Instead, the title wrapped four prepped pages around and was ­cited by Time magazine as a global leader in coverage of the loss of the icon. Survé counters that only some places got the wrap; in several areas it was inserted inside.

What those readers got was a ­report on the Public Protector’s probe into a fishy tender awarded to his Sekunjalo consortium, and then cancelled.

Many commentators say this is the real reason Dasnois was moved. She has consistently ­covered the award of the marine patrol tender to Sekunjalo over competitor Smit Amandla. The whole story gets Survé ­apoplectic.

I know because he has filled my ears several times with how Sekunjalo did no wrong and how Smit Amandla gets off without ­reporters’ scrutiny.

Sekunjalo is a sprawling enterprise. How will he ensure that his media company is not held hostage by sweetheart coverage of his other commercial interests?

“Sekunjalo has 130 investments under its own management. What’s in the newspapers has got nothing to do with me or with them. Sometimes I think we’re entitled to positive news, but it is editors who must make that decision.”

The 50-year-old yoga practitioner can’t understand why Dasnois’ move exploded. Seven other major moves and appointments were made with no upheaval.

He made Karima Brown group editor in chief; Gasant Abarder ­became editor of the Cape Times; Aneez Salie was his deputy; ­Jermaine Craig was made editor of the Cape Argus; Chris Whitfield was moved to head special projects; and Antony Robinson was made chief technology officer.

“Independent needs to be redesigned. What Independent did to this business is unbelievable?...” he says.

The Irish asset-stripped and ­invested very little in the media company; it needs major reinvestment. All while Survé needs to pay off massive loans he took to buy the company. No wonder he’s losing his zen.

“Every bit of profit will be reinvested for five years. We have to reposition our brands, people, technology and start a multiplatform training school.”

Has Dasnois’ exit had a chilling effect on his other editors? David Niddrie, a former editor and broadcaster, is consulting to Independent and drawing up an editorial charter to enshrine freedom and ­responsibility.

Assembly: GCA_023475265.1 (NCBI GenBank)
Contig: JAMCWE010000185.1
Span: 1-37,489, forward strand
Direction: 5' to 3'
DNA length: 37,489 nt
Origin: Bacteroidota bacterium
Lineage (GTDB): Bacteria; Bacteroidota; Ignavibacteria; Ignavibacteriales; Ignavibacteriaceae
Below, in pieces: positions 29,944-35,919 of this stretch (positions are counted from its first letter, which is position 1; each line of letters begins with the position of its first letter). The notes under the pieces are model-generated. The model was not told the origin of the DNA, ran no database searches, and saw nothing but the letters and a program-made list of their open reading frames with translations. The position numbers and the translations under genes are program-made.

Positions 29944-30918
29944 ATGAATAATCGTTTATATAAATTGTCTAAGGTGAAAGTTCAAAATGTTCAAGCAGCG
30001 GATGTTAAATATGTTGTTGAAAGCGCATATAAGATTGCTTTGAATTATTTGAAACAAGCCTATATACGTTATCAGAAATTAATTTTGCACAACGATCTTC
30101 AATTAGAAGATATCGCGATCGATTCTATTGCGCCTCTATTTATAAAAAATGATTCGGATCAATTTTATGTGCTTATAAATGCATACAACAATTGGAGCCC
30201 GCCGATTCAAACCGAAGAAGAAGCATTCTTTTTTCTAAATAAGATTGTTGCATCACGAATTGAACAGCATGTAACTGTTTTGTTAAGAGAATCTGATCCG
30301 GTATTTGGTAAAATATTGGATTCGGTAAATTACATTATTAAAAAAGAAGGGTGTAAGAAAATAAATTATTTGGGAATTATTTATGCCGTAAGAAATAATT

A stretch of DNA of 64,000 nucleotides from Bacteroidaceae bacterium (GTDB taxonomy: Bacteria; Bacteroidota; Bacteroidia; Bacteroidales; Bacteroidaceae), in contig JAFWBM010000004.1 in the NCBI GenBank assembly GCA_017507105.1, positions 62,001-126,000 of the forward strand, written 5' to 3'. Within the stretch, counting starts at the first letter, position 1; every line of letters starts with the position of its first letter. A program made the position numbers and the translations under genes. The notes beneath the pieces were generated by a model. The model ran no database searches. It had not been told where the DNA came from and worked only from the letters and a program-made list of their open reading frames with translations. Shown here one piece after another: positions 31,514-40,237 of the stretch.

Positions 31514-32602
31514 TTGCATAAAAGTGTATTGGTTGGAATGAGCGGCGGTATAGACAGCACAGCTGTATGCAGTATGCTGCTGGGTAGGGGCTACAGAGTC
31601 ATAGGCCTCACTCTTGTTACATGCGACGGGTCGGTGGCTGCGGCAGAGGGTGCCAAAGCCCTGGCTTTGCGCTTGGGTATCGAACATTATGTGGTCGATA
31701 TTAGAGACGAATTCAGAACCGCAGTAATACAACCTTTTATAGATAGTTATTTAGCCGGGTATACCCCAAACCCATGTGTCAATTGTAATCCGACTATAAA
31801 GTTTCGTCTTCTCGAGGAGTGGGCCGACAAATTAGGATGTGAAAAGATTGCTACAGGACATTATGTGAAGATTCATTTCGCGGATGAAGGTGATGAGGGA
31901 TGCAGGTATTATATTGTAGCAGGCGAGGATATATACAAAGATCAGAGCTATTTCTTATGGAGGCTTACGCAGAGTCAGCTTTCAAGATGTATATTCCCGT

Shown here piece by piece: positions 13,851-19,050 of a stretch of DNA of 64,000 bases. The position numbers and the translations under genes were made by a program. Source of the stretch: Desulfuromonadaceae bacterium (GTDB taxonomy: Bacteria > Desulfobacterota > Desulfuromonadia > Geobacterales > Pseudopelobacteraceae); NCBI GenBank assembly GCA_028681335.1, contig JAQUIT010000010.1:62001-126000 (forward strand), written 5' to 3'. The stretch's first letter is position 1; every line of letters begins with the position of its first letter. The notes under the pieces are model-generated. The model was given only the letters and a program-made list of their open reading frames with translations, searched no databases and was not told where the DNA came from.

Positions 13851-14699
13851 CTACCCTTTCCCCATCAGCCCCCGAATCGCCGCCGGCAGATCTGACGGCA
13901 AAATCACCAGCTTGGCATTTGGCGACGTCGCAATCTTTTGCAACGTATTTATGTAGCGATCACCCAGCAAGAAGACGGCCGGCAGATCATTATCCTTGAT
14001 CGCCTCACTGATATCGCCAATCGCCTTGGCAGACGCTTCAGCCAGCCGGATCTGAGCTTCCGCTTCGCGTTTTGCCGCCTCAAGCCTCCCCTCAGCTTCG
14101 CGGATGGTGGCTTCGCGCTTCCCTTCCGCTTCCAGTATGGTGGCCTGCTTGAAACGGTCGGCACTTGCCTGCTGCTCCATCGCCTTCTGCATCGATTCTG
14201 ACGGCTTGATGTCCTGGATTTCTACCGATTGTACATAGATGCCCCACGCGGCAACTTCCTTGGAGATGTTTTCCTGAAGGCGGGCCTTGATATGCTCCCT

It will be completed in February and will secure editors’ independence, says Survé, who adds: “You name a single editor in Independent who has had a call from me. You won’t be able to. I tell them: don’t call me. You must report fearlessly.”

This week, the Right2Know campaign protested at Independent in Cape Town. With posters bearing the editor’s image under the witty title “Alide Continua”, they were countered by a third force-type group.

Called The Movement for the Transformation of the Media in South Africa and led by political opportunist Wesley Douglas, who consults to the ANC, commentators drew links to Survé. “No, absolutely not,” he says when I ask if he funds the movement.

“I met Mr Douglas for the first time after their protest. When I met him formally for a second time, I told him I took exception. Why single out Independent, [which is now black-owned]? Also go to Naspers, Times Media Group and Caxton. We had a vigorous engagement; they were quite upset.”

Why then, was his researcher, Leanne Neethling, said to be at the protest? She kept up a steady stream of tweets supporting the counterprotest.

“Ms Neethling tweeted in her personal capacity. She’s never met the movement and never met Mr Douglas in her life. To be fair, she almost had a nervous breakdown. How do you accuse someone?...” Survé says in ­exasperation.

All this year, I’ve seen Survé ­practising Sun Tzu’s Art of War as he perceives himself beleaguered by a tough industry, staff and ­public.

Perhaps he should turn to Rumi instead, who counselled leaders thus: “Be a lamp, or a lifeboat, or a ladder. Help someone’s life heal. Walk out of your house like a ­shepherd.”